The Pew Research Center is one of the most reputable sources for data on how Americans use and think about technology. Its work is also a great example of how difficult interpreting statistics can be. According to Pew, almost a quarter of Americans have admitted to sharing fake news, a third say they “often” come across made-up political stories, and about two-thirds say the phenomenon has caused “a great deal of confusion” about current events. Is this good? Bad? It’s hard to say.
In a new survey, Pew asked around 1,000 US adults about their opinions on made-up or inaccurate online news. Fifty-one percent of the respondents said they “often” encountered political news that was not fully accurate, and 32 percent said they often found news that was “completely made up.” Conversely, 19 percent said they “hardly ever/never” saw inaccurate news, and 26 percent said the same about made-up news. Most people believed that they could recognize made-up news, regardless of age, gender, income, race, or political party; overall, 84 percent were “somewhat” or “very” confident in their abilities.
Overall, 64 percent of people said “completely made-up news” had caused a great deal of confusion about “the basic facts of current events.” Twenty-four percent said it had caused “some,” and 11 percent said it had caused little to none.
At the same time, a significant portion of people had shared made-up news. A total of 23 percent admitted to sharing a political story they knew was fake at the time, one that they later discovered was fake, or both. (Overall, 14 percent of people had done the former, and 16 percent the latter.) But as Pew emphasizes, there are some obvious limitations. The survey doesn’t ask why people knowingly shared fake stories, and whether they were intentionally misleading ones or clear satire like The Onion. And it can’t identify people who either over-estimate their own savviness or fail to spot fake news.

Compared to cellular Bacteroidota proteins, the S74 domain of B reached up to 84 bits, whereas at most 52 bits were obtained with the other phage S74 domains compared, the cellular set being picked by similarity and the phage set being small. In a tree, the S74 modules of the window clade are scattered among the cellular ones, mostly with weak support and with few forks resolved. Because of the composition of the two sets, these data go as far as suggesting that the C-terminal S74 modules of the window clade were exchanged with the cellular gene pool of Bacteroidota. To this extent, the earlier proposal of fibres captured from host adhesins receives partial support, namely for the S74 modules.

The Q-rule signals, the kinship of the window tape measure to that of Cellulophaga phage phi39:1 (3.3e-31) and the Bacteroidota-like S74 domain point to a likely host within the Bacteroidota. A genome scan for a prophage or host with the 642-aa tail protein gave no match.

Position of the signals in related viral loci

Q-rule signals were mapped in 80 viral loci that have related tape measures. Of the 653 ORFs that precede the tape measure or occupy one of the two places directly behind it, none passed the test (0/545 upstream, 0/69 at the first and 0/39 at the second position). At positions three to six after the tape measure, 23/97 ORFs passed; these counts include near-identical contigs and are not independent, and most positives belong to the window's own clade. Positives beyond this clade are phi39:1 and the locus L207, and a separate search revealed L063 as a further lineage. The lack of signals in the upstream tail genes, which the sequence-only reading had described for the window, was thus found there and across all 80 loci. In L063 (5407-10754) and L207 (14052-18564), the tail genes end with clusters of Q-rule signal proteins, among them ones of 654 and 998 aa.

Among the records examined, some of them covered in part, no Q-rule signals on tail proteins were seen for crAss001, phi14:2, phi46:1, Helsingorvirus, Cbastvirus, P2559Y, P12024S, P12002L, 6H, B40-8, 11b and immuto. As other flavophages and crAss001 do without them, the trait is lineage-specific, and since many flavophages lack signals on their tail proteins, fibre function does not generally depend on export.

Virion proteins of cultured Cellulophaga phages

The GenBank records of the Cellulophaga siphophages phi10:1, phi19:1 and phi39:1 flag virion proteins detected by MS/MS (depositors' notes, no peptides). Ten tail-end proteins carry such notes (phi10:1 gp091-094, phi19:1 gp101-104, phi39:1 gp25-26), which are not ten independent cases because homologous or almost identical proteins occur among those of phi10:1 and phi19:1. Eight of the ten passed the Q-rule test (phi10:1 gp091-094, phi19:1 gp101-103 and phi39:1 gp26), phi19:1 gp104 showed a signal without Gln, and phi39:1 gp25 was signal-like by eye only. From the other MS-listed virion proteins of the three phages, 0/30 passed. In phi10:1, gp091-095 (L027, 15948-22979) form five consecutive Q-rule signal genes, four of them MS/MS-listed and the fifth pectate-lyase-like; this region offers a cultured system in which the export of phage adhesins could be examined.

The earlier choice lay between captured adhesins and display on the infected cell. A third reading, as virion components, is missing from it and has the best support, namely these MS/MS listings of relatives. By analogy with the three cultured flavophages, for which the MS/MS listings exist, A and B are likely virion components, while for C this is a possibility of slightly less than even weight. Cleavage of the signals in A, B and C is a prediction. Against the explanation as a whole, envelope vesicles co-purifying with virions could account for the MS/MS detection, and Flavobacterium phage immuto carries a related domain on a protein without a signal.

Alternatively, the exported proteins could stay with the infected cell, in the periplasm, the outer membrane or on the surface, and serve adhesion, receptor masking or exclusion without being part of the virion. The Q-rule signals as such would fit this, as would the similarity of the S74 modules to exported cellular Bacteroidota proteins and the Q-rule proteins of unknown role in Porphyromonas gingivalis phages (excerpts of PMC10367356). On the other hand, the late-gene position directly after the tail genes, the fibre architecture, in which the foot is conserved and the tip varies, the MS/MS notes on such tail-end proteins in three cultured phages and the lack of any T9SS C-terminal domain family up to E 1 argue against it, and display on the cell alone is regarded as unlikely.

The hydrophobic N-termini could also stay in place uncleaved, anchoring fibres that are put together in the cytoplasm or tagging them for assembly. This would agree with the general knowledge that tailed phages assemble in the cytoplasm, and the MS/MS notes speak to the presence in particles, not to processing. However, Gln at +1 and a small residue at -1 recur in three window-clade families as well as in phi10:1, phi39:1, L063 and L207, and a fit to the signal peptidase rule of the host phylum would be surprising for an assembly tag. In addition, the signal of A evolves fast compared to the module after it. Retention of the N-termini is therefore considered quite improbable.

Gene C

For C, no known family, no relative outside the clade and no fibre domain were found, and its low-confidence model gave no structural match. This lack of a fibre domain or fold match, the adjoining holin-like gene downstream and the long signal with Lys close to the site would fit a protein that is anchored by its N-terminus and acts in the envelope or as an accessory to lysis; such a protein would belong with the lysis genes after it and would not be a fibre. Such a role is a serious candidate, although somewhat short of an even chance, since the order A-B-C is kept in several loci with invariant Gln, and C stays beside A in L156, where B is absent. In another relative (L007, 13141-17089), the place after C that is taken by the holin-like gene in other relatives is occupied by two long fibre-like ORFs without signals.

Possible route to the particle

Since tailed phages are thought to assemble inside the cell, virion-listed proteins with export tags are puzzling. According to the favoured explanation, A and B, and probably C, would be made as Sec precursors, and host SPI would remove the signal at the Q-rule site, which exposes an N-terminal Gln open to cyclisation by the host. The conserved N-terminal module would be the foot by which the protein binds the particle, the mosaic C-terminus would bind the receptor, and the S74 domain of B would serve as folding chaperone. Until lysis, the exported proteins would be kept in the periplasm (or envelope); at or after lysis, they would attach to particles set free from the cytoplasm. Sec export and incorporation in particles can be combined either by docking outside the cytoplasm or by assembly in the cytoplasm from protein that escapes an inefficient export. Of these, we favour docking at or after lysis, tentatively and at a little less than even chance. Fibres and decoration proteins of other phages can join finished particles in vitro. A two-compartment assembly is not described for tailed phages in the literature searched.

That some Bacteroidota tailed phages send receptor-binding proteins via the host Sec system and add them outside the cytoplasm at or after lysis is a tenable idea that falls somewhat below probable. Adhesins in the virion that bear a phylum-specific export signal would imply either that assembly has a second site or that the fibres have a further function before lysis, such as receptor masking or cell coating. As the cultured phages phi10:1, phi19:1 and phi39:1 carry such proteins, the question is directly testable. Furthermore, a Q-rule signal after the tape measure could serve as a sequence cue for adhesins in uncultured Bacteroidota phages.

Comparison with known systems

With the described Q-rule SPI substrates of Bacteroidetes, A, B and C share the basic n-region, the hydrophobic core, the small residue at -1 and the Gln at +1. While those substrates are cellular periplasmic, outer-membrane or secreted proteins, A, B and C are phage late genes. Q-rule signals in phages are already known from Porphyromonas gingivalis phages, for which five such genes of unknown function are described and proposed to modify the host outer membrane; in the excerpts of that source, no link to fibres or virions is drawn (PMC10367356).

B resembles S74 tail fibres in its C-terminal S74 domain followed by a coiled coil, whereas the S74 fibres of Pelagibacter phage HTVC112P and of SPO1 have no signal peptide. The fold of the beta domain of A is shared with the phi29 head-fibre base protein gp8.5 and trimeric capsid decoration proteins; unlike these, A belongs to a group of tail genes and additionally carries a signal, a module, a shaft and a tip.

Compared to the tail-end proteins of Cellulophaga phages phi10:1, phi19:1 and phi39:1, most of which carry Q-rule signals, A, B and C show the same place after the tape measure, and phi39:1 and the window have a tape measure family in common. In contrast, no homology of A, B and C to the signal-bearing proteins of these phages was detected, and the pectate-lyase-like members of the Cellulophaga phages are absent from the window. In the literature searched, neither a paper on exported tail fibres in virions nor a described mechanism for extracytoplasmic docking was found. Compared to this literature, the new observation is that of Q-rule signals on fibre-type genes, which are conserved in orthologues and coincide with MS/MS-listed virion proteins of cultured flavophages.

Fake news can mean almost anything
“Fake news” is a broad term that can cover satire, propaganda, conspiracy theories, sensationalism, and almost any given news story with a political bent. Since the election, though, it’s become a popular buzzword and a major issue for social networks. Facebook, in fact, just enlisted a handful of fact-checking sites to flag hoaxes.
People think politicians and elected officials, members of the public, and social networking sites all bear significant responsibility for fake news. Americans over 50 are significantly more likely to place responsibility on the government, but otherwise, the numbers don’t change much by demographic — although most people named only one or two groups, not all three, responsible.
This survey doesn’t really tell us much about how common different forms of online misinformation are. It doesn’t tell us about their effects, how savvy we are at detecting them, or even how people define misleading or made-up news. But it does give us a sense of how Americans feel about this touchy subject — and who they’re likely to put pressure on for change.